Abandoned Singapore: Pasir Panjang Power Station

Pasir Panjang Power Station was Singapore’s second power station, following on from the nearby St James Power Station. It officially opened on 3 July 1953 and was finally decommissioned in 1997 with the expansion of newer facilities at Pulau Seraya, Senoko and Tuas.

The striking red brick facade, punctuated by white framed round and square windows is reminiscent of British industrial aesthetics of the era and was built by the British company George Wimpey and company.

The interior of the power station has been stripped of all machinery since its closure, with large open halls where the turbines and boilers once stood. According to Resident Engineer Mr J.W. Marshall, who was in charge of the installation of the plant at the new power station, building the first generator in 23 months was very nearly a world record. The first generator, with a capacity of 25,000 kilowatts, was then carrying about two-thirds of the Singapore’s electricity load. [1]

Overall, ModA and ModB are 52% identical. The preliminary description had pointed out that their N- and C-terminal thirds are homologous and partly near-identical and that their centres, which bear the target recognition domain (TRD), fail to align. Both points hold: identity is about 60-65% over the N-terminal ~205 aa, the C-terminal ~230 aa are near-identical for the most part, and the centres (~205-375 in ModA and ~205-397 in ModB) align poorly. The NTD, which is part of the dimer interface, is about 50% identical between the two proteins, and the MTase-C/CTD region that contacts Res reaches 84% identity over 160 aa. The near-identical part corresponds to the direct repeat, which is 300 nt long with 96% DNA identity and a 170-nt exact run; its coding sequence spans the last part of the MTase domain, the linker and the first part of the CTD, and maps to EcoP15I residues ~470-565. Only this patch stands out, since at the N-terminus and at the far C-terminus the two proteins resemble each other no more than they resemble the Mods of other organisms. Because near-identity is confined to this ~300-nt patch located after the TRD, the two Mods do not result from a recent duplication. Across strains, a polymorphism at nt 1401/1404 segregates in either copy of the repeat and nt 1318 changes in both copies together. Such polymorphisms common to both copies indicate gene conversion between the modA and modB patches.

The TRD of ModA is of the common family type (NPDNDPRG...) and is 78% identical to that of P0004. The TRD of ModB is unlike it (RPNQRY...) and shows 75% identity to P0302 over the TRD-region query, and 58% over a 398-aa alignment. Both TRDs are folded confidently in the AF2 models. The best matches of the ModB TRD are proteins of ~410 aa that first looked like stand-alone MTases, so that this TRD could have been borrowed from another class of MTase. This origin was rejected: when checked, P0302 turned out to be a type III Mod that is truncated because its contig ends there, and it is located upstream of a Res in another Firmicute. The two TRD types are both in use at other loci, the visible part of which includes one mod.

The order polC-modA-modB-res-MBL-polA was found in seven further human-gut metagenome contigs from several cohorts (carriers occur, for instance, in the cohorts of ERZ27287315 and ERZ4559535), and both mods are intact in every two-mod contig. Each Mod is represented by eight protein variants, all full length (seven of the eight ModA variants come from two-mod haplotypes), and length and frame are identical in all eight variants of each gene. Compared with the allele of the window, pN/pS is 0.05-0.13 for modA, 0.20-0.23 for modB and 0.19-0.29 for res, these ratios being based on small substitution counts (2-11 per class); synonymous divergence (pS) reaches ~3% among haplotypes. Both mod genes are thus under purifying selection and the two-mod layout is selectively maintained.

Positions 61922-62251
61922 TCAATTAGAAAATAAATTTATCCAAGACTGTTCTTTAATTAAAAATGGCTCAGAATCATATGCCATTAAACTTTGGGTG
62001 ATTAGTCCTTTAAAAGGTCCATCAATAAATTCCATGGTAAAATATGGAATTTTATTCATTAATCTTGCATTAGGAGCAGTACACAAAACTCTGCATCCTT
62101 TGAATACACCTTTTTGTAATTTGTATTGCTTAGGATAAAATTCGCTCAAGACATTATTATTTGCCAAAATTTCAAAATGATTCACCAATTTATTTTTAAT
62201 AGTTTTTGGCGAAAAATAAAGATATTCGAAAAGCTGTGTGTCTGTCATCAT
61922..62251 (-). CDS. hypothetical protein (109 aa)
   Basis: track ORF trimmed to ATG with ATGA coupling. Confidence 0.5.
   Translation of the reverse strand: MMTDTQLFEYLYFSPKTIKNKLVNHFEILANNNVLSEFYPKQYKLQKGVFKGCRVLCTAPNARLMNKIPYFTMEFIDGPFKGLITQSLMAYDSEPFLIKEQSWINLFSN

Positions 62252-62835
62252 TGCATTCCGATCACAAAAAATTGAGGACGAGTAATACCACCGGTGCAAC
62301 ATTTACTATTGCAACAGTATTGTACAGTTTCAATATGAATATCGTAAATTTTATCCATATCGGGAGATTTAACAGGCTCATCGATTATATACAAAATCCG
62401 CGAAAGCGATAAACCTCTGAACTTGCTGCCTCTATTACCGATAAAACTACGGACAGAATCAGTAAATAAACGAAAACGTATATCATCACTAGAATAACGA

Round windows inside one the administrative rooms on the upper floors.

Seen through the heavy rainstorm one can just make out the nearby residential development Reflections at Keppel Bay

Power supplied by the station helped launch Singapore’s big industrial push in the 1960s. With demand already reaching 105.7 MW in at the point of the commissioning of the sixth alternator, an additional 25 kW was added to Pasir Panjang ‘A’ station’s capacity in 1962. With demand increasing,  the construction of a new station, the ‘B’ station, commenced soon after  in 1963. [2]

The site has great potential for adaptive reuse and will be integrated with the wider Greater Southern Waterfront development.


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